Recently, I added something new and different to my personal study and devotion time, as I had the opportunity to use Working It Out: Poetry Analysis with George Herbert. This versatile study of poetry is one of the resources from Everyday Education, LLC that I and other members of the Homeschool Review Crew are reviewing this week.
Everyday Education, LLC has been offering homeschool information and resources since 2001, and offers all of author Janice Campbell's books, as well as many other helpful, twaddle-free educational resources. Janice Campbell's four boys have all graduated from her homeschool, and she shares her wisdom and expertise in providing an active lifestyle of learning approach with Charlotte Mason, Thomas Jefferson, and classical learning influences.
Working It Out: Poetry Analysis with George Herbert is one of the many resources available. It was originally written by Joseph L. Womack, primarily as a devotional based on the poems of George Herbert, but offers a thoughtful and methodical approach to reading and understanding his poetry that serves as a model for enjoying and appreciating poetry in general.
This study is designed to be a one-year devotional guide through 51 works of 17th century poet George Herbert. Although it's not intended as a complete course in poetry analysis, it does guide the reader in a structured method for understanding poetry, and helps show how literary devices are used in poetry to convey ideas.
If you're not familiar with the name George Herbert (I wasn't!), he was a Cambridge instructor and a rector in the Church of England during the 17th century, and was a favorite Lyric poet of author C.S. Lewis. Herbert's special talents were in language and music, and he wrote poetry throughout his life. He served his church faithfully despite suffering ill health, and shortly before his death he had passed along to a friend a collection of his poems. Herbert asked this friend to read the poetry and to publish it only if he thought it would be helpful to others.
The author of Working It Out, Joseph L. Womack, sought to bring the poetry of George Herbert to people who would value the spiritual guidance and benefit from slowing down to engage with the depth and quality of this collection of devotional poems, which are quite personal, and share insights from Herbert's own personal experience.
There are 51 poems featured, so that the reader can spend about a week in consideration of each, and complete the study in a year. For each poem, Womack explains:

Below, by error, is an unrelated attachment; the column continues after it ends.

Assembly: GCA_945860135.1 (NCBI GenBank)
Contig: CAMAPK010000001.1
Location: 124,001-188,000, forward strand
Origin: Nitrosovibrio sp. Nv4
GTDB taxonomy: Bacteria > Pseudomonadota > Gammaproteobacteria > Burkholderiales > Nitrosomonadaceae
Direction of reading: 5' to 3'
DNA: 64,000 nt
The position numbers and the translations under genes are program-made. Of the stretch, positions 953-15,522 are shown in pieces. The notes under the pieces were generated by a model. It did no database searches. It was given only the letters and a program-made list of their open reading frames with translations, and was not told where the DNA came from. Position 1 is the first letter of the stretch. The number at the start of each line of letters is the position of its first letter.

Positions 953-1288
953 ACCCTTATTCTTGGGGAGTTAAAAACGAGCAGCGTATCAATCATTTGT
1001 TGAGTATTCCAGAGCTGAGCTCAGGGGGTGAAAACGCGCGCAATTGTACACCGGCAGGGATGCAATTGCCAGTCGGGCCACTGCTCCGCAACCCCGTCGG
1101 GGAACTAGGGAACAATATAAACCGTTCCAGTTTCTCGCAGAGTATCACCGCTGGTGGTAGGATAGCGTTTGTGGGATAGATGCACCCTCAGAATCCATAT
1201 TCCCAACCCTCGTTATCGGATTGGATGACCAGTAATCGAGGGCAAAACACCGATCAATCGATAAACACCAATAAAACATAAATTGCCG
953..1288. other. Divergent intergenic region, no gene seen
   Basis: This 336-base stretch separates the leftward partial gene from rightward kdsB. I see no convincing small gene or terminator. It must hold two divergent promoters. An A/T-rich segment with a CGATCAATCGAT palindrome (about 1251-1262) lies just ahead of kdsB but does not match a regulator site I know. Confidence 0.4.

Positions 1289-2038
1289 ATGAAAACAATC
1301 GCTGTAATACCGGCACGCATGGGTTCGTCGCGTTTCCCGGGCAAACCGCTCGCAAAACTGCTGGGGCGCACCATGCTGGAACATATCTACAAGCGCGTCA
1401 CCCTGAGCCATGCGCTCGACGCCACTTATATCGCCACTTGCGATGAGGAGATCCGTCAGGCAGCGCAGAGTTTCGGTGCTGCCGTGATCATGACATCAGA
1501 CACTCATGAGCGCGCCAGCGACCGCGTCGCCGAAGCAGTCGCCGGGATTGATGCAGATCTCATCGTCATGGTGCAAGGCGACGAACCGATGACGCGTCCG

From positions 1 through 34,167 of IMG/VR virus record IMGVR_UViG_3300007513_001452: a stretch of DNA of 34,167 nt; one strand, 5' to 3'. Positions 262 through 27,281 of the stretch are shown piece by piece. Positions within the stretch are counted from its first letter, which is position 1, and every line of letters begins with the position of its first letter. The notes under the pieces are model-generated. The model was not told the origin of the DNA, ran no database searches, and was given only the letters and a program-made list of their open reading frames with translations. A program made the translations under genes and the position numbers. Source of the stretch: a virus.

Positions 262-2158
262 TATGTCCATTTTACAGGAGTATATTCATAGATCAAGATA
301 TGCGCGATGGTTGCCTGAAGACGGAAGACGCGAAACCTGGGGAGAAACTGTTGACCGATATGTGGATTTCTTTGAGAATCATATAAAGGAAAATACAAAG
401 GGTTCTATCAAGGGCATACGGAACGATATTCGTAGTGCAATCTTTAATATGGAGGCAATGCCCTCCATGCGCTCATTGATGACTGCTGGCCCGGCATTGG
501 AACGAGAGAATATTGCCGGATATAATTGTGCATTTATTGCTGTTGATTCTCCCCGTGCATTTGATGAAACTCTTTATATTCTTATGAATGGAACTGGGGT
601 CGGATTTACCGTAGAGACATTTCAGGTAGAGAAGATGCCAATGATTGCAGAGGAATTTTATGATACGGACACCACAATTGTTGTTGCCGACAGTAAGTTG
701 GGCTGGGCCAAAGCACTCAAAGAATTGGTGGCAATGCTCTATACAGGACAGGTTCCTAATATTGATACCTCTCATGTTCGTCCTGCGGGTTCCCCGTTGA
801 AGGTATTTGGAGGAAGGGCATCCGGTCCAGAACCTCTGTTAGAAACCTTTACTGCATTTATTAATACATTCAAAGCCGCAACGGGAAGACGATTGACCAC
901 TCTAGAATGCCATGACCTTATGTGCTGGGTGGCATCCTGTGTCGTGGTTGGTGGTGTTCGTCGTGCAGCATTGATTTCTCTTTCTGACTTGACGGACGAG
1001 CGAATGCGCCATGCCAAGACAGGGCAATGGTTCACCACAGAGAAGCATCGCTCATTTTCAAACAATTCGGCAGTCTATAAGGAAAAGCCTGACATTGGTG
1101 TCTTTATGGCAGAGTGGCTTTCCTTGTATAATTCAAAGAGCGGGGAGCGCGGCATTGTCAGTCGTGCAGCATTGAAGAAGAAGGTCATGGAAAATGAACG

- The Big Picture, or what the poem is about
- The Parts of the Picture, a more detailed look at each stanza and identification of literary devices and poetic techniques
- The Parts of the Picture Come Together, an explanation of the overall movement of thought in the poem
- Reflections, questions for personal thought and application
- Scriptures for Further Reflection
In addition to reading the study as a personal devotion, it can be used as a teaching tool. A student can copy all or part of each poem, re-write the poems in prose, or use the poems as models for writing their own poetry.
How did we use it? I used Working It Out myself, as part of my personal devotional study, spending at least three days on a poem. First, for each poem I studied, I read The Big Picture first and then the poem as a whole. Then, usually on another day, I worked through The Parts of the Picture and its explication of each stanza, re-reading the parts of the poem while looking specifically for the devices or thoughts highlighted in the study. Depending on how much time I had, I often spread this over more than one day, especially for longer poems. And finally, after reading The Parts of the Picture Come Together, I re-read the whole poem again, and copied at least part of it in my own handwriting. I find that writing something out myself does help me remember it. My goal was to remember some of the themes rather than memorizing the exact words, although I think some of these poems would be lovely to commit to memory. I also spent some time considering the questions and Scripture passages in the Reflections section.
Our bottom line: This was a very different experience for me, as I have never used poetry as a regular part of my devotions. The explanations offered by Womack are very clear, so that I didn't feel that I needed to be a scholar in order to understand the imagery and movement of the poems. Even as literary devices were being pointed out stanza-by-stanza, the overall feel of the guide is one of inspiration and an appreciation of the gift of language to share profound spiritual insights. I would recommend Working It Out to older teens or to adults that are interested in incorporating thoughtful poetry into their personal devotional times, or to high school students looking for a gentle and inspirational introduction to studying poetry.
Would you be interested in Working It Out or other Everyday Education ideas? Here's what you need to know:
Visit the website: http://everyday-education.com/
Pricing: Working It Out: Poetry Analysis with George Herbert is available for $17.95 - see the website for more information.
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Visit the Homeschool Review Crew blog for more information and to read other reviews. Crew members reviewed other titles from Everyday Education as well so be sure to check out all the reviews!
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